Cubs' Brandon Morrow won't pitch again this season due to bone bruise

PHOENIX -- The Chicago Cubs officially shut down closer Brandon Morrow for the season as his recovery from a bone bruise in his pitching arm won't allow him to return in time for the end of the regular season or the playoffs.

"We knew we were running out of time to begin with," a disappointed Morrow said Tuesday afternoon. "Just the nature of the injury and the amount of time that it takes to clear out."

Morrow saw Diamondbacks team doctor Don Sheridan, who confirmed the bruise wasn't healing fast enough. The righty has been out since the All-Star break, and was attempting to pitch through some pain, but he never got to the point of being game-ready.

"Any time the plan is to pitch through discomfort, that's not a great long-term formula, but we let him go as long as he was honest about it with us," Epstein said. "He was."

Morrow added: "I was looking forward to it. And looking forward to helping the team finish out the season."

Morrow joins starter Yu Darvish on the shelf as both pitchers have been shut down for the same injury.

"Second bone bruise of the year," Epstein stated. "They typically take four months to heal. He was trying to push it to come back to help the team. ... His body wasn't allowing him to do it."

Though Morrow pitched up until the end of the first half, his discomfort began much earlier as Epstein pinpointed a June 2 extra-inning affair against the New York Mets as the start of the pitcher's issues. It was Morrow's third consecutive appearance and came in the bottom of the 14th after the Cubs had taken a 7-1 lead in the top of the inning. He wasn't supposed to pitch that day.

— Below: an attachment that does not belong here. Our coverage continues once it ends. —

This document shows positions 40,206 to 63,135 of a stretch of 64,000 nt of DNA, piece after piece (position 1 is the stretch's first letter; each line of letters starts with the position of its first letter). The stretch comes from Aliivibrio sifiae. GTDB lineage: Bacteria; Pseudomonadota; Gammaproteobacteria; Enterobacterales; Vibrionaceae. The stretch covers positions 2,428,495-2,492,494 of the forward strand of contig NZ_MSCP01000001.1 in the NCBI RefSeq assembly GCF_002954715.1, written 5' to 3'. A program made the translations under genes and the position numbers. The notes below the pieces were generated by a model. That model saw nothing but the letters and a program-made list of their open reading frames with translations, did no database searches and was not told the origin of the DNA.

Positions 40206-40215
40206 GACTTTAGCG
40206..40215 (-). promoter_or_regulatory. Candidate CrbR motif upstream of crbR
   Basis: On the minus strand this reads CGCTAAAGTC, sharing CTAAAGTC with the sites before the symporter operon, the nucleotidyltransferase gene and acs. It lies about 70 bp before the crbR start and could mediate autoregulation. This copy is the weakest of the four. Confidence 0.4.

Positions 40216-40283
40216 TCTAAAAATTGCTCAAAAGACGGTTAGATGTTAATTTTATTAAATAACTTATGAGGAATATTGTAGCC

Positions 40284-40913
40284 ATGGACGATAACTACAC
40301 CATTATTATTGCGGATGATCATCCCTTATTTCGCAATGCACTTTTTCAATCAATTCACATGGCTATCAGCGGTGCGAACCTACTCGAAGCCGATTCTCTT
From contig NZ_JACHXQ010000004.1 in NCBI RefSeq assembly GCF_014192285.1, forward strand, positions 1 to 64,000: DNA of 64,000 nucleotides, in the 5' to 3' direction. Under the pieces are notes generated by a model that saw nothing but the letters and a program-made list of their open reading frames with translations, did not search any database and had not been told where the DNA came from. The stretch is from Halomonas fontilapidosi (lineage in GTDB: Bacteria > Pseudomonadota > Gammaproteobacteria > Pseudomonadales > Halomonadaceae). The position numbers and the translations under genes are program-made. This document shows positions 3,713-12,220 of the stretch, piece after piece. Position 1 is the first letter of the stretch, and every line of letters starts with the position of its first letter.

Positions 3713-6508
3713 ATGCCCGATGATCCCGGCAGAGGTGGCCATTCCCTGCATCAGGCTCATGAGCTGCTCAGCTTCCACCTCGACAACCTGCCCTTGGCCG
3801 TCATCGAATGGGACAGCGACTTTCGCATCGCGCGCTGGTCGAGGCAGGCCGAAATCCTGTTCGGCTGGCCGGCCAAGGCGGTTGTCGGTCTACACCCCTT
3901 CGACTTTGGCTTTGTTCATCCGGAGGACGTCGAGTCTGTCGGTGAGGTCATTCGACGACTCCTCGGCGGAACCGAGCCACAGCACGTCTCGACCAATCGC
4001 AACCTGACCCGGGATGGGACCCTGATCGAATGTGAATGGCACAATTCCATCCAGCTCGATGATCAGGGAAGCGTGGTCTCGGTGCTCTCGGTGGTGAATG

"He was someone we were going to stay away from," Epstein said. "He came in. I think that's a lesson learned -- never to stray away from the structure we had for him no matter what's going on in the game.

"I told him next year when he's down he's not going to be allowed to have his spikes on."

Morrow has an extensive injury history and pitched in all seven games of the World Series last year, but his offseason physical didn't reveal anything associated with his current ailment.

"I wasn't feeling anything like this last year," he said.

The official loss of Morrow -- which isn't a huge surprise -- combined with the recent hamstring injury to fill-in closer Pedro Strop leaves a potential hole at the back end of the bullpen. At least the team has had plenty of time to get accustomed to life without Morrow, and Strop could return by the postseason. Either way, the Cubs are banking on their top-ranked bullpen to come through in a big way. Their past five saves have come from five different players.

"There is no reason to hang our heads," Epstein said. "We have a deep bullpen that accomplished quite a bit. We lead the league in ERA, which is no small feat, and that's not the product of any one or two pitchers. That's a team-wide effort.

"There's no panic here. If we lose a game late, there's not going to be any panic. We're going to find a way."

Maddon added: "If we can continue to match them up and don't beat anybody up, we can continue the same trend."
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